How social media influenced our beauty standard.
kindest corner
Do you realize how narcistic we’ve become and so busy judging what’s on the outside that we forget what matters most.

Just one more 

Ok just one more but with this filter, I promise this is the one! OMG, my nose. Maybe I need another one with more lighting because it’s too dark… Ooooh look at this one, my hair looks so gorgeous and my teeth are much whiter! But wait… Does this filter make me look fat? And someone call puberty, tell them to give my boobs back! Eventually, we settle on our latest and greatest picture, start comparing ourselves with other people and wait for the comments to roll in. Meanwhile, we can start the gossip about how perfect other influencers’ lives are and how everything about them must be fake. Which in most cases, actually is…  

If I could just look at people reading the first paragraph, I can already imagine them nodding their heads. Do you realize how narcissistic we’ve become and so busy judging what’s on the outside that we forget what matters most? It’s just that by seeing all these perfect pictures online, we forget what it’s like to look like a normal human being. We do not have perfect symmetric faces and bodies, we all have “flaws”. Even though we know this deep inside, this inner voice is continuously working against us and making us doubt ourselves. 

When I was young 

I remember back in school when I was 13 years old, before the social media age. I would watch the 16-year-old “popular” girls from our school and think: “Wow, they are so perfect!”. Everything must be so perfect in their lives. Their hair was so soft and long, perfect brows, nails and make-up.  

There I was with my curly hair, no nail polish and too young for make-up. Bigger hips and butt while all the other girls were skinny and had zero curves. Back then that was the beauty standard, I was like a Beyonce in a Paris Hilton world. I didn’t look anything like the girls at school and felt like I didn’t fit in, weighed too much and needed a nose job. That’s why I thought I had to change everything about me, just to fit in, changing the most beautiful things that made me unique.  

Social media to the rescue  

That’s where social media came to the rescue! With the rise of social media and influencers, a completely different type of beauty and role models became widely known and gained a lot of popularity. They come from all around the world and represented all different kinds of beauty. This made me realize that I am in fact pretty, I just don’t look like the typical European girl. The curls, brown eyes, bigger hips and butt, Egyptian nose (if that’s a thing?). Now I look back and notice how unique and cute I was. 

Me, Myself and I 

Now that we have different role models to look up to and compare ourselves with, it wasn’t long before we could start comparing ourselves with ourselves. In the beginning, Snapchat was a funny thing with the animal filters or a pizza guy. They were all innocent, funny filters… Until they weren’t. When you realize those filters make your skin look smoother and way cuter than without, everything posted from now on has to be with the perfect filter. Also, every social media platform realizes this and makes sure to have the most beautiful looking filters. What’s wrong with playing around with filters to change the way you look? Nothing…. Right? 

Until you start realizing that nowadays you can look like the filtered version of yourself every day. Plastic surgery has become a commodity and girls start using make-up before puberty hits, just trying to be like the perfect images they see on social media. That’s when we try to bring the online world to the real world, even though it does not belong there. Then again, what happens if you changed everything just to match the current beauty standard and after 5 years this is completely different? Will you be seeing the doctor again?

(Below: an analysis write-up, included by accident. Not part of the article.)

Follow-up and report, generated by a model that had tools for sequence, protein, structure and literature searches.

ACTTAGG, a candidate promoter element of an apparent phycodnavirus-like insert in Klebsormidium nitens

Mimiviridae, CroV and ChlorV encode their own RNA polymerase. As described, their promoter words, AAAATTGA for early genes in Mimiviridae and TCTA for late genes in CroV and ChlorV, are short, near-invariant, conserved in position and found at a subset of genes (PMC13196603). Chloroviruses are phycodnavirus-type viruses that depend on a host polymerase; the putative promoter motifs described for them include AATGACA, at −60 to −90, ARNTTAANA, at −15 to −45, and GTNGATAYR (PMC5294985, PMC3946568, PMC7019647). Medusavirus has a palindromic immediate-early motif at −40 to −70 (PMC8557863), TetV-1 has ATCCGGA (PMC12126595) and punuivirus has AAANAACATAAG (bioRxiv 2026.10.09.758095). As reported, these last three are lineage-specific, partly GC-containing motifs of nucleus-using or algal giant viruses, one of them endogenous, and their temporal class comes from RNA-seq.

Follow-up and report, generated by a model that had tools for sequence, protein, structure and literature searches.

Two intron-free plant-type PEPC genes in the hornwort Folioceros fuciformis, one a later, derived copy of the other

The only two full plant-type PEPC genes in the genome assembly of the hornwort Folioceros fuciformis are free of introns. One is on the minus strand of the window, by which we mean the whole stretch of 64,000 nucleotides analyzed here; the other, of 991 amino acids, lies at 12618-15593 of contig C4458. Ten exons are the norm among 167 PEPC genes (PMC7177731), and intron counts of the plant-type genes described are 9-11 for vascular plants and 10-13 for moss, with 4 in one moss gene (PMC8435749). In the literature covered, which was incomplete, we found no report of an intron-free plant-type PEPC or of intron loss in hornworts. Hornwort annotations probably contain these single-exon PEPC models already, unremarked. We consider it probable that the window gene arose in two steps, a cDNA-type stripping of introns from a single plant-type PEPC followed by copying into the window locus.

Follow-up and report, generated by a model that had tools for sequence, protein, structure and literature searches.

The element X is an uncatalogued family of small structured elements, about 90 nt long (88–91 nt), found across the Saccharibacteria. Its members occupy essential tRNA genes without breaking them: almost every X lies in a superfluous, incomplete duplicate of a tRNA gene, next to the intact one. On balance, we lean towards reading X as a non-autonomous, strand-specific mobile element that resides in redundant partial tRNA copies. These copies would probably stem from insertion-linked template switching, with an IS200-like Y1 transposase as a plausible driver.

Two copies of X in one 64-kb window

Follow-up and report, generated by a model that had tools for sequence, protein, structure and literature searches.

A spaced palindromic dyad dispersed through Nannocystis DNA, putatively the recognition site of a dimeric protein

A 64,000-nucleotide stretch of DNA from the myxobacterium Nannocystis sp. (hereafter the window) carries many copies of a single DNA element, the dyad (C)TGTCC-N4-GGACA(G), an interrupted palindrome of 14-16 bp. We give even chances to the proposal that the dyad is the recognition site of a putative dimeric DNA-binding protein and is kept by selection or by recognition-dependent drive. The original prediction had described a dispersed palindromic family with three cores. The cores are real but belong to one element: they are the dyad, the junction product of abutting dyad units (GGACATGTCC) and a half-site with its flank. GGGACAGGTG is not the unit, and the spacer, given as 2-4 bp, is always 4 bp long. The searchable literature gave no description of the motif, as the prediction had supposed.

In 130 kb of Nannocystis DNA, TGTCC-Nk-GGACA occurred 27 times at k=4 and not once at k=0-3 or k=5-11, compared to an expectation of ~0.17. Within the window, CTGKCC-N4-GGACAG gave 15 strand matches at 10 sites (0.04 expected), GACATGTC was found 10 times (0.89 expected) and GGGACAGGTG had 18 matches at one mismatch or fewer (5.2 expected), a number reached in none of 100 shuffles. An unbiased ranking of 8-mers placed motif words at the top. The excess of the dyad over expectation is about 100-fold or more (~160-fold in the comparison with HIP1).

Back to reality 

I feel like the rise of technology and social media has introduced 2 worlds. An online world where you are the “perfect” version of yourself and you can only show off the good things in life, and the offline world where you’re actually a human being. I feel that these 2 worlds are causing a lot of personal struggles for many people, but the actual answer is pretty simple. The online world is NOT real, and the images they are posting are not just pictures, influencers know a thing or two about photography. The way you stand or pose, different lighting, clothes you’re wearing. They all have a huge impact on the outcome of the picture and can be a game-changer when posting the perfect picture. So how can we compare ourselves to a snapshot of a person where every variable is perfectly controlled and adjusted for the most beautiful picture? Then we haven’t touched the part where a lot of industries are benefiting from this. The beauty industry, social media platforms, plastic surgeons, … And in the end it’s just leaving us with a big empty feeling in the offline world that we’re trying to fix by changing ourselves. 

Can’t I look good? 

Don’t get me wrong. I’m actually not against looking out for yourself, going to the gym, being mindful about what you eat, shopping sprees, putting on make-up to cover your tiredness or trying to make beautiful pictures. I’m against comparing and feeling bad about yourself with something that is not a real rendition of life. If we just stop copying it and start seeing it like we see artwork, perhaps we can learn to appreciate it without feeling bad about ourselves. Because just like art, it’s an image created to look perfect. If we break that cycle I think a lot of people will realize that the offline version of yourself is the most beautiful one and you don’t need to change a thing! 

Have you ever felt like you needed to change anything about yourself? If so, what would you change? 


for The Narcist

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